"Through a Glass Darkly: Alchemy and the Ripley Scrolls 1400-1700," a Princeton University Library (PUL) exhibition shows how European alchemists built on Greco-Egyptian, Islamic, and late medieval foundations to create a golden age of alchemy from the 15th century to the time of Sir Isaac Newton. The exhibition will be on display in the Ellen and Leonard Milberg Gallery, located in the Firestone Library lobby, from April 6 through July 17, 2022.
In pre-modern Europe, alchemy was a science of change. Medieval alchemists pursued medicinal elixirs to counter the public health crisis of their era—the bubonic plague—and attempted to transmute base metals into gold and silver to solve the region's precious metal shortage. They also sought to repair alchemy's old associations with fraud.
"To improve alchemy’s reputation, they presented their work as both a practical art and an ancient philosophical tradition," said Jennifer Rampling, exhibition curator and Princeton University associate professor of history. "One way of doing that was to disguise their secrets using very elaborate, allegorical language and obscure imagery. This fantastical imagery reached its peak with the Ripley Scrolls."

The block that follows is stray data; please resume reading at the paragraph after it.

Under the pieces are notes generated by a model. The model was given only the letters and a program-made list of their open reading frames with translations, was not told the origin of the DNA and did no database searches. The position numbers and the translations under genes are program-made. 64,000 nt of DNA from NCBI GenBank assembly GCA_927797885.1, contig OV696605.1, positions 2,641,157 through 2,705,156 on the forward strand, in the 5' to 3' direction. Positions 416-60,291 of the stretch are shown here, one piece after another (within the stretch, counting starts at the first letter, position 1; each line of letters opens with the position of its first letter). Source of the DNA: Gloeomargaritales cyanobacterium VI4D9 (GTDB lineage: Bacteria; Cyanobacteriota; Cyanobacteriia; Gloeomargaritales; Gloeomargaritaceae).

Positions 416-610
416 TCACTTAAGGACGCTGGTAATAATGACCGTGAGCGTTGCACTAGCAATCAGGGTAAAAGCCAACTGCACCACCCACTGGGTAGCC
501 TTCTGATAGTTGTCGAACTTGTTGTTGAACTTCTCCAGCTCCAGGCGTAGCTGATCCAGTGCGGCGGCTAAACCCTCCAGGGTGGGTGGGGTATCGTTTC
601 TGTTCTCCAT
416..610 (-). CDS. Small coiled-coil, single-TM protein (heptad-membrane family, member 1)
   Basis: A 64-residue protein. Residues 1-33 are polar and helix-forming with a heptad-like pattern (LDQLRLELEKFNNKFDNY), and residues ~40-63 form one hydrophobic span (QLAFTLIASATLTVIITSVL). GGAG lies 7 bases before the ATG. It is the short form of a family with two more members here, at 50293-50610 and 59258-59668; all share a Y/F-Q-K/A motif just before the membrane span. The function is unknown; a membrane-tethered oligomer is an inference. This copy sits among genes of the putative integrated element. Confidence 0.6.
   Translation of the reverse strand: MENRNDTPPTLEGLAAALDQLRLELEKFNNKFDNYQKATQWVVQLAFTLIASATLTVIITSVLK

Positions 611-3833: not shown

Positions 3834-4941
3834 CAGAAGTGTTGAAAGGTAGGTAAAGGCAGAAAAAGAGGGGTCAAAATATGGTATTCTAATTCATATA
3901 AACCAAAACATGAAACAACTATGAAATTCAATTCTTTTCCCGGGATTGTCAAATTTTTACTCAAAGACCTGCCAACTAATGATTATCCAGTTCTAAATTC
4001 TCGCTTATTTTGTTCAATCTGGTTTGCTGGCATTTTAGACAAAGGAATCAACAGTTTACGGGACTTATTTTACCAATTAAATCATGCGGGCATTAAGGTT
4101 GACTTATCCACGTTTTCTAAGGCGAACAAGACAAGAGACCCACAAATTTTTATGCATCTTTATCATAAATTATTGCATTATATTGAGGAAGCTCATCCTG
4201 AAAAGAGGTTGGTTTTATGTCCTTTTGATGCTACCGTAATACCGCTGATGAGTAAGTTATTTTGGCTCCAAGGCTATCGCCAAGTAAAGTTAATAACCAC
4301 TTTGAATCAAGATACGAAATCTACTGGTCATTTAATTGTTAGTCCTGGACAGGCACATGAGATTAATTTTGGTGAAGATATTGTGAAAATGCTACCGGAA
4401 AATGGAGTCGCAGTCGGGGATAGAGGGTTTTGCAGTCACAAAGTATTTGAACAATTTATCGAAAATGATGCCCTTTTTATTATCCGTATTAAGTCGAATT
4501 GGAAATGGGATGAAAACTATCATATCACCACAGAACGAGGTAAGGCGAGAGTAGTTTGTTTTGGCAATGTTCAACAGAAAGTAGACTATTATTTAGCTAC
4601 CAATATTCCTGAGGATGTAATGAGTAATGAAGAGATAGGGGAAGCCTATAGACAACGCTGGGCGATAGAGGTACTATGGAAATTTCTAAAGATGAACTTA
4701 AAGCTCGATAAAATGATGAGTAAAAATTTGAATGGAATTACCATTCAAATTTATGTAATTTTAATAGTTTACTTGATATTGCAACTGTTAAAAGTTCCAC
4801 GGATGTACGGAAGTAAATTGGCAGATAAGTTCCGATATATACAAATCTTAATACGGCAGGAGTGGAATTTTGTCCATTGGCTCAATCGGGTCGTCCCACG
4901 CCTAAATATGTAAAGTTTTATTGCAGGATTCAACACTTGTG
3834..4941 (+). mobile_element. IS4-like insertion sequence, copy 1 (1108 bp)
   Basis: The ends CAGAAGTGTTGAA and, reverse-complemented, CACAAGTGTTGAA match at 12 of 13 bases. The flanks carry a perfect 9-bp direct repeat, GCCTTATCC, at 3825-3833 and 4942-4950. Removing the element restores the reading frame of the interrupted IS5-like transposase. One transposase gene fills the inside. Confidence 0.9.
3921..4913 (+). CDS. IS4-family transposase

The exhibition is open daily from noon to 6 p.m. in the Milberg Gallery, Firestone Library. Open to the public; vaccination self-attestation and sign-in required.
Photo credit: Brandon Johnson, Communications Specialist, Princeton University Library